Devop is not a position, title or an engineering degree. I have written in the past that devops is culture. It is empathy and collaboration. For us grunts and peons navigating the corporate waters, this is the ammunition we need to break down silos, poor communications, ridding ourselves of these monolithic non-scalable balls of muds. This is a grass root movement that will change the faces of I.T. departments worldwide.

Indeed it is a rarer occasion to be surrounded by software craftsman of similar background that are driven, passionate and willing to share their experiences. For that I am grateful to both Tretton37 and Gothenburg. If you have missed leetspeak 2014, fear not, it was recorded. So thank you again and I will definitely be back for next year.

Now time to assemble my devop Avengers. We got work to do.

Hipsterising Windows: cygwin vs babun vs git bash vs powershell – the Onion scale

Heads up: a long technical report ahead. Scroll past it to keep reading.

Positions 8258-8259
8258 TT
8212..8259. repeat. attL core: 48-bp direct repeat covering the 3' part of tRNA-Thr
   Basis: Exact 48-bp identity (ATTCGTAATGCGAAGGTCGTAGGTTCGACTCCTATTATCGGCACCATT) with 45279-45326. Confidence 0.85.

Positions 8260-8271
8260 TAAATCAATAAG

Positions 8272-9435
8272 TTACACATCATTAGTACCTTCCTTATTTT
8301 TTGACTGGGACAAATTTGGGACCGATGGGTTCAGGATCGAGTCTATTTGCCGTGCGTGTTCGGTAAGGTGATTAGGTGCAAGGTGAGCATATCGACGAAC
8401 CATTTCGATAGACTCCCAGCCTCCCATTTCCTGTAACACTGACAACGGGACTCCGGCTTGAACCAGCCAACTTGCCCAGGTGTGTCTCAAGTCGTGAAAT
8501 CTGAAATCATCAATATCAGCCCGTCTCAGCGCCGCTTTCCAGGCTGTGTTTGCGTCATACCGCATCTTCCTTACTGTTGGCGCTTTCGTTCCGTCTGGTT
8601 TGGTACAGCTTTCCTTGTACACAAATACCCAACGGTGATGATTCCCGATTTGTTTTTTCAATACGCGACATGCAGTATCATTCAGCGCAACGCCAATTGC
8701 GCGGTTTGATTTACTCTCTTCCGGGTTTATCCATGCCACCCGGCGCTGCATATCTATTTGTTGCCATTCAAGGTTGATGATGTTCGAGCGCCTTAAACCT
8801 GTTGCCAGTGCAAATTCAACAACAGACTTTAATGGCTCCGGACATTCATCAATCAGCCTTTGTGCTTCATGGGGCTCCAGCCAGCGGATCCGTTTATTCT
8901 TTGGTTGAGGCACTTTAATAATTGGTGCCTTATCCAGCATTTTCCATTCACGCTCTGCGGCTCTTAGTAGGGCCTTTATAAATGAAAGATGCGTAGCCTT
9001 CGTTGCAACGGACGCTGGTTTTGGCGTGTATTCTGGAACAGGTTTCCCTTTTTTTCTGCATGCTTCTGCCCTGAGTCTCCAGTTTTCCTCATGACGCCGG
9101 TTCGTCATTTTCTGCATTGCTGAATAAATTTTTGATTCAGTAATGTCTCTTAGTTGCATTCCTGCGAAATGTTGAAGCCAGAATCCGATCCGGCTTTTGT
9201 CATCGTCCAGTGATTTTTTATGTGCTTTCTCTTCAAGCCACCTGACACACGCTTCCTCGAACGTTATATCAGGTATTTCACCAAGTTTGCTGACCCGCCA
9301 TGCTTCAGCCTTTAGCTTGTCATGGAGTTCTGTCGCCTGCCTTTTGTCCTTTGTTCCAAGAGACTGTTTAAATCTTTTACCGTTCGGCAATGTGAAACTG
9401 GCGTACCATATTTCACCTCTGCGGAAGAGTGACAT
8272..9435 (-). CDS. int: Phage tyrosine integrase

It is clear with Azure that Microsoft is adopting a tool chaining strategy based on Git and other useful terminal tools. Gone are the days of drawing pretty boxes in a CASE tool and expect the stuff you cooked up in thin air to be high performance, scalable and easily provisioned through cloud providers. The first step is get yourself tools that can actually help your everyday devops life. Hark! let us hipsterise Windows and bring on the terminals!

So if you take pride in your .dotfiles, git-foo and devops craftsmanship, but got stuck navigating the treacherous GUI waters of Redmond county, then this is for you. This blog post aims to be an opinionated and cynical evaluation of 4 major terminal options available in Windows for running Git and other common everyday *NIX tools. The scale are in unit of Onions, because you will be weeping when you start working on these abominations. Command Prompt did not make the list. It died with DOS 6.22.